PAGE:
In 1 Samuel chapter 21 we have one of the most puzzling stories in the Old Testament. This is the one where David and his men come to Nob - which was apparently where the tabernacle had been set up in those days - and David asks Ahimelech the priest to give them some of the Bread of the Presence because they were hungry. The story is puzzling because we are left unsure as to who did the right thing here and who did the wrong thing. David is the 'good guy'; he's the hero is so many of these stories. Saul and his men are the 'bad guys.' And yet here David does something that is forbidden for him to do: he takes and eats the Holy Bread.
You shall take fine flour and bake twelve loaves from it; two tenths of an ephahshall be in each loaf. And you shall set them in two piles, six in a pile,on the table of pure goldbefore the LORD. And you shall put pure frankincense on each pile, that it may go with the bread as a memorial portion as a food offering to the LORD. Every Sabbath day Aaron shall arrange it before the LORD regularly; it is from the people of Israel as a covenant forever. Andit shall be for Aaron and his sons, andthey shall eat it in a holy place, since it is for him a most holy portion out of the LORD’s food offerings, a perpetual due. (Leviticus 24:5-9)
This bread was reserved only for Aaron and his sons (the family of the High Priest); it was not lawful for anyone else to partake of it. Jesus even points this out in Matthew 12:3-4: "Have you not read what David did when he was hungry, and those who were with him:how he entered the house of God and ate the bread of the Presence, which it was not lawful for him to eat nor for those who were with him, but only for the priests?"
So is what David did excusable? Is what Ahimelech did in giving the Bread to David and his men excusable? Many say yes. Even one of my great heroes, John Gill, says that pretty much anything is excusable when we're dealing with the preservation of life, and so of course this act is excusable. I have to take issue with that, though. Would it have likewise been excusable - it would still have been in the name of preservation of life - if David's men had not kept themselves morally pure on their journey? As I cited earlier, Jesus said that what they did was unlawful. The Law does not have some kind of "unless they're really hungry" loophole that suddenly makes everything okay. Therefore, I think we have no choice but to see this act as a violation of one of the things that God called "most holy" (Leviticus 24:9).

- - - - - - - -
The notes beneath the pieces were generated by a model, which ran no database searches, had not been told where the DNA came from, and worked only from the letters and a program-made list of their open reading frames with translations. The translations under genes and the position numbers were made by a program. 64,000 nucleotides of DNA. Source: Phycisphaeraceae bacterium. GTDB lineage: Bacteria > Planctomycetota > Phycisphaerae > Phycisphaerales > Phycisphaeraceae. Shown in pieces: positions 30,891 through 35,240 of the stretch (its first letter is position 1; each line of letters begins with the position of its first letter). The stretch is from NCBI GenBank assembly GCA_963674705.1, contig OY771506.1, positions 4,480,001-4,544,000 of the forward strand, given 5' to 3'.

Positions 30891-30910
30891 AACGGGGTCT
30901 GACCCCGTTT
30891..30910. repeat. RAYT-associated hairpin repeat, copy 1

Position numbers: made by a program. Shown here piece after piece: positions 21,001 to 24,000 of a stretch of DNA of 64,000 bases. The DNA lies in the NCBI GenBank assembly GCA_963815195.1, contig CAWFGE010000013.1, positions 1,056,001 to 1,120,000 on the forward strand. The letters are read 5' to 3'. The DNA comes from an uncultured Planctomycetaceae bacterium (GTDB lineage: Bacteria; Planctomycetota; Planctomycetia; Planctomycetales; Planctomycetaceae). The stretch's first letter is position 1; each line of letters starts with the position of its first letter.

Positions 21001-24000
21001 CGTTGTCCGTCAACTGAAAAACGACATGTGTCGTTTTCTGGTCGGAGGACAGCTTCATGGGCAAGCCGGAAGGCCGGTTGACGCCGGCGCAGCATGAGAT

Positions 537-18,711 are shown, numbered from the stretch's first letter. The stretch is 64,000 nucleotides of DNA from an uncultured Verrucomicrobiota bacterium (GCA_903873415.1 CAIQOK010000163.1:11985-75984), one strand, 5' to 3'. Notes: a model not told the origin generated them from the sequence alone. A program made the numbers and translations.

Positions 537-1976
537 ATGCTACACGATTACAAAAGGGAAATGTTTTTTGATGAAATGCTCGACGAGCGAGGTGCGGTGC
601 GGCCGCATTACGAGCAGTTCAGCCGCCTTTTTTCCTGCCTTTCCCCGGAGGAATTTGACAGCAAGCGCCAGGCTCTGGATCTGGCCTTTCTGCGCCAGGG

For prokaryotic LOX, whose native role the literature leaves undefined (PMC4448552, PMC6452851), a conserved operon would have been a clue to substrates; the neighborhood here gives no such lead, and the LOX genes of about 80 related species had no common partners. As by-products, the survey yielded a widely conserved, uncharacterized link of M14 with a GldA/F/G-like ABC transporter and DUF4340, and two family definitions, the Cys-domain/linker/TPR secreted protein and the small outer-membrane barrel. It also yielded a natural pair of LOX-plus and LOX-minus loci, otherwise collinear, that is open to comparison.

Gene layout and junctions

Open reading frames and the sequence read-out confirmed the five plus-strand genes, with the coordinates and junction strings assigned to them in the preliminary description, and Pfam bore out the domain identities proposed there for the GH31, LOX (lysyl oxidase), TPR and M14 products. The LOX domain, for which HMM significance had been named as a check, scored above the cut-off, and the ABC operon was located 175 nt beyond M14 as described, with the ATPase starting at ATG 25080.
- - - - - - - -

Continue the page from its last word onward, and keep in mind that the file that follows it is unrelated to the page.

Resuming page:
If that is the case, then what follows makes a good deal more sense. We are told that "a certain man of the servants of Saul was there that day, detained before Yahweh. His name was Doeg the Edomite" (1 Samuel 21:7). Phrases like that always catch my attention. From a human standpoint, a real villain enters the story at this point. Here is the man who will rat out Ahimelech, telling Saul exactly what he did for David and his men. And when Saul declares that all of the priests shall be killed for helping his enemy, no one but Doeg the Edomite - this very villain - will lift his sword to carry out the death sentence. And yet we are told very clearly that this man was "detained before the LORD."
What could that phrase possibly mean? Since it was the Sabbath day, it could mean that Doeg was "detained" within a Sabbath-day's walk of the tabernacle, unable to travel any further until the following day. It could mean that he was there to fulfill some sort of vow and so could not leave until that was done. Regardless of why he was there, though, the fact remains that his detention was a part of God's plan.
There's a reason why God's Name is evoked in that statement: "detained before Yahweh". God had a purpose for his presence. Whatever else we may guess about Doeg and his business, we know this much: it was he who got the priests killed, and it happened by his hand. And so God was in the deaths of these priests. The text never goes so far to tell us that they died because they defiled the holy things of Yahweh, but it is certainly not a big stretch given similar stories in the Old Testament (Nadab and Abihu come to mind, as does Uzzah and the ark).
All of these stories of deaths surrounding the violation of God's holiness ought to leave us with a healthy and profound fear of misusing any of God's "holy things". This fear should really hit home for us in the area of worship. Aside from the holiness of His own Name - which is protected by one of the Ten Commandments - nothing else seems more jealously guarded by God than His formal worship (of which the Holy Bread was only one part). Oh, we must be so careful to worship our great God only in the ways that He has proscribed. He does not want our innovation (He showed that with Nadab and Abihu), but only our obedience. Let us strive to worship Him the way that He commands and leave all of our other ideas at the door.